The Coach's Corner

Archive for May, 2017

What is One of the Hardest Jobs to Perform Today?

May 22nd, 2017 // Tom Doescher //
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Tom Doescher - Doescher Advisors

According to a Harvard Business Review article entitled Kick-A__ Customer Service — Consumers Want Results — Not Sympathy, 81 percent of customers across all industries attempt to take care of matters themselves before reaching out to a live representative. The investment in self-service technologies has been enormously effective at removing low-complexity issues from the live service queue. According to the article’s authors, 84 percent of customers prefer a straightforward solution to their problem. When they do call for assistance, they’re knowledgeable and very demanding.

The authors conclude that customer service representatives fall into seven profiles, which they outline in the article. The big “aha” is focused around two profile types: Empathizers, who enjoy solving others’ problems, seek to understand behaviors and motives, and listen sympathetically; and Controllers, who are outspoken and opinionated, and like demonstrating their expertise and directing the customer interaction.

Intuitively, I would think Empathizers would be the best reps — and so do customer service rep managers, since Empathizers represent 32 percent of all representatives (the largest category). As it turns out, we’re wrong! The trouble is, the messaging managers use in recruiting service reps is often stereotypical of yesterday’s customer service workers, and tends to repel rather than attract Controllers, who represent only 15 percent of all reps. Controllers want flexibility to express their personality and handle issues as they think best (versus following a script), are keen problem-solvers with a unique ability to think on their feet, and are self-starters who are comfortable taking the initiative.

If you’re part of a company that provides customer service reps who assist clients by phone (and probably face-to-face, too), I would highly recommend reading the HBR article. Our old, well-established “best practices” no longer work in this tech-savvy world.

By the way, according to the authors’ research, the best reps, Controllers, are paid the same as other reps and are satisfied with it.

Be Careful What You Say

May 8th, 2017 // Tom Doescher //
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Tom Doescher - Doescher Advisors

I was recently working with a client and, during our interaction, I was reminded of an experience that impacted my entire career.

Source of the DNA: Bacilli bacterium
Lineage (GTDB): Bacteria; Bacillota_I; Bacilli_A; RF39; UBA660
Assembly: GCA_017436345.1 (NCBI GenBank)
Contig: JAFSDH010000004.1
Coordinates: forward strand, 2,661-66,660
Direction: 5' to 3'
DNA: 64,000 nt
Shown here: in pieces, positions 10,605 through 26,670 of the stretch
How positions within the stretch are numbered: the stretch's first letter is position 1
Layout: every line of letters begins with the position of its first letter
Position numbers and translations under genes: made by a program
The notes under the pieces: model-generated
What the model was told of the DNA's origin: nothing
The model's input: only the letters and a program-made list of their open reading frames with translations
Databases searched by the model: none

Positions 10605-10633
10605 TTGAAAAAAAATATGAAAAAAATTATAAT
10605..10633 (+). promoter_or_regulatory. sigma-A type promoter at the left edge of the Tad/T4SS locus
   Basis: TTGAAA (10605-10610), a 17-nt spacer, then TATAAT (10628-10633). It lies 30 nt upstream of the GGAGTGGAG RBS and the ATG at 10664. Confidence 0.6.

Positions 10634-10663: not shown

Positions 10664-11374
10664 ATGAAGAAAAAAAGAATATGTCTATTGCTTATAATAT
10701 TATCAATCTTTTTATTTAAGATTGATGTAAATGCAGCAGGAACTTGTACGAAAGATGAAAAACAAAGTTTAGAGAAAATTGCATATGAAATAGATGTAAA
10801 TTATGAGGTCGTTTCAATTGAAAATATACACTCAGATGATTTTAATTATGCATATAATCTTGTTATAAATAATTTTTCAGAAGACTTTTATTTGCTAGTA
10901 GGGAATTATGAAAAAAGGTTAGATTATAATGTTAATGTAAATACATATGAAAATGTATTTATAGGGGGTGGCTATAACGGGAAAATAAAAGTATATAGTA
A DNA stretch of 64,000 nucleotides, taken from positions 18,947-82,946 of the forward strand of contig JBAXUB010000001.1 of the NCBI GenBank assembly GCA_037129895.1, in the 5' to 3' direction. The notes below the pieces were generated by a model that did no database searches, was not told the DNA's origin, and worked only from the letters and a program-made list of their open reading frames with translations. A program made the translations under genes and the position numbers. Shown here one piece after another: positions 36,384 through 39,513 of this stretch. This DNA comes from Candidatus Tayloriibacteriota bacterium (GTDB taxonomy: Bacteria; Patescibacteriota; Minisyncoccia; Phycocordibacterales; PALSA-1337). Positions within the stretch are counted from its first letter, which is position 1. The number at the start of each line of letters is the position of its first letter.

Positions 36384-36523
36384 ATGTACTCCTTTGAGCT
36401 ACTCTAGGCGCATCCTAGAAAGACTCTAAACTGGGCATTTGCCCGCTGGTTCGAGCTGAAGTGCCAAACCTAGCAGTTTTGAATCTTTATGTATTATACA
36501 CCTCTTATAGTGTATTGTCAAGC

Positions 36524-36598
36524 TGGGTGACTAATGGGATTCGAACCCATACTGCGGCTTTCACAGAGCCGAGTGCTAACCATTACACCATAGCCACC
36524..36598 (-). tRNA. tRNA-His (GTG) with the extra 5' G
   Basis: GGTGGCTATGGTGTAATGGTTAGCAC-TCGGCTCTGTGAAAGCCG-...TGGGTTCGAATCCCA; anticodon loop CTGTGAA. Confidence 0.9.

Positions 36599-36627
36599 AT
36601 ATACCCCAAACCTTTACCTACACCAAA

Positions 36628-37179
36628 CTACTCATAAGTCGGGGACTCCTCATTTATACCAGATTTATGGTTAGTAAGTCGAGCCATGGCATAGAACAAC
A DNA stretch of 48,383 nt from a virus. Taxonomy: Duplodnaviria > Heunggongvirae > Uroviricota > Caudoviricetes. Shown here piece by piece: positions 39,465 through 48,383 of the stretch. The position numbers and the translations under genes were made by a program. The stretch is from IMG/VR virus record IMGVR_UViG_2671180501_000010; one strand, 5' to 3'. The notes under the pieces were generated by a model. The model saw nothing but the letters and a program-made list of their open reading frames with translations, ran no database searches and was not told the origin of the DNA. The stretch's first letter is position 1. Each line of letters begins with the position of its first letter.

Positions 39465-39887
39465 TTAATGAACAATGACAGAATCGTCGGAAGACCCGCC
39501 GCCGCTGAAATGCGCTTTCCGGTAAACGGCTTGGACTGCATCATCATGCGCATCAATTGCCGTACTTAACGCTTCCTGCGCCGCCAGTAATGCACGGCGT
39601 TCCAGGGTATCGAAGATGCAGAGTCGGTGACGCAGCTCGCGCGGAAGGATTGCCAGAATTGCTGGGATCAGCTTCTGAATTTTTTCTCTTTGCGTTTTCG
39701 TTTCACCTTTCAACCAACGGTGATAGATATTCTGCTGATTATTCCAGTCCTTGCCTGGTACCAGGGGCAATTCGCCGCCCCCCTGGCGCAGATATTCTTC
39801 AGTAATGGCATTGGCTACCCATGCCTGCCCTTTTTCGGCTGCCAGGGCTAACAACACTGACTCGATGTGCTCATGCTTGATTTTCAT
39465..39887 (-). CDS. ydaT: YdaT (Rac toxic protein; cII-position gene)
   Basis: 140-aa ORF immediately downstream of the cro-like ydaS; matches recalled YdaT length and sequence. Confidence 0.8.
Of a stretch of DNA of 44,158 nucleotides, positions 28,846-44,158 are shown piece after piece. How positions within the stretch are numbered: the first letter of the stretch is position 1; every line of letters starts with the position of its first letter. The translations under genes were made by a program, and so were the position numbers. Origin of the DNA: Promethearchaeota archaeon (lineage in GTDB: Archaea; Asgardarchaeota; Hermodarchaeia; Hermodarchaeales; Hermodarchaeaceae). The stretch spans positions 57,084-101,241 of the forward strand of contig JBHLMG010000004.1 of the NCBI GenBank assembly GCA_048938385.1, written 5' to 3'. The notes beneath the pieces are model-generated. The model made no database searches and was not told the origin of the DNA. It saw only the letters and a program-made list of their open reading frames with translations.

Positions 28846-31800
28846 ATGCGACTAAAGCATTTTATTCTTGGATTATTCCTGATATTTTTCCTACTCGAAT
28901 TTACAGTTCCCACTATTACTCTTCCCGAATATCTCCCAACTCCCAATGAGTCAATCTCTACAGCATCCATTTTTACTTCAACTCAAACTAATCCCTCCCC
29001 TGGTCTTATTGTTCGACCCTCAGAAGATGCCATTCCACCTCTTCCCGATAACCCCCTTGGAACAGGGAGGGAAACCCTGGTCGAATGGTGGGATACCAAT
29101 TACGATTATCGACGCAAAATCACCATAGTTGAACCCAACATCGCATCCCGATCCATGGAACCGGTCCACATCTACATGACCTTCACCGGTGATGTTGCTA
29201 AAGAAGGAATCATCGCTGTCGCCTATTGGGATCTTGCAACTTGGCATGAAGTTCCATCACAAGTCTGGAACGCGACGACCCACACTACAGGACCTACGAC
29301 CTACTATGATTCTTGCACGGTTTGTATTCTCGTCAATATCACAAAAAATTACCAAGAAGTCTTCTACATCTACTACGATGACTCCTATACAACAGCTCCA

The scene was the celebration of new partners at my former firm. It was — and still is — a tradition to have newly elected partners (new owners in the firm) give an acceptance speech at an all-partner and staff conference. It has always been the highlight of the year.

Years ago, a new partner — I’m guessing this individual may have been very nervous — made some very colorful, off-the-wall, hard to believe comments. Those of us in the audience were stunned and kept waiting for the punch line, which never came. The room became very quiet. I don’t remember anything after his speech; we were all in shock.

The next day, everyone received a memo (yes, a paper memo in our mailbox; for those of you who have never experienced this, please ask someone more senior than you to explain).

There was a brief cover memo from the firm’s HR partner, and then an apology memo from the newly elected partner. The cover memo said, “Let us not judge one another by the dumbest thing someone has ever done or said.” Wow. It was perfect.

I will resist getting into a philosophical or theological discourse, but suffice it to say that, in a few words, our HR partner got us all back to work and prevented days, weeks, and months of gossip and speculation (i.e., a lot of wasted time).

What is the application for you? Today, things move so fast and sometimes, under severe duress in trying to serve customers, we lose it in some way. I’m not talking about chronic road-ragers, but those of us who drop our guard and say something out of character that we soon regret. Let’s learn to apologize and to forgive.

p.s. This new partner went on to have a very successful career and was loved by his clients and colleagues alike.

The Advisor’s Corner

Tom DoescherYou’ll find stories from the trenches, business lessons, and pertinent questions to help you find inspiration, professional growth, and leadership savvy.

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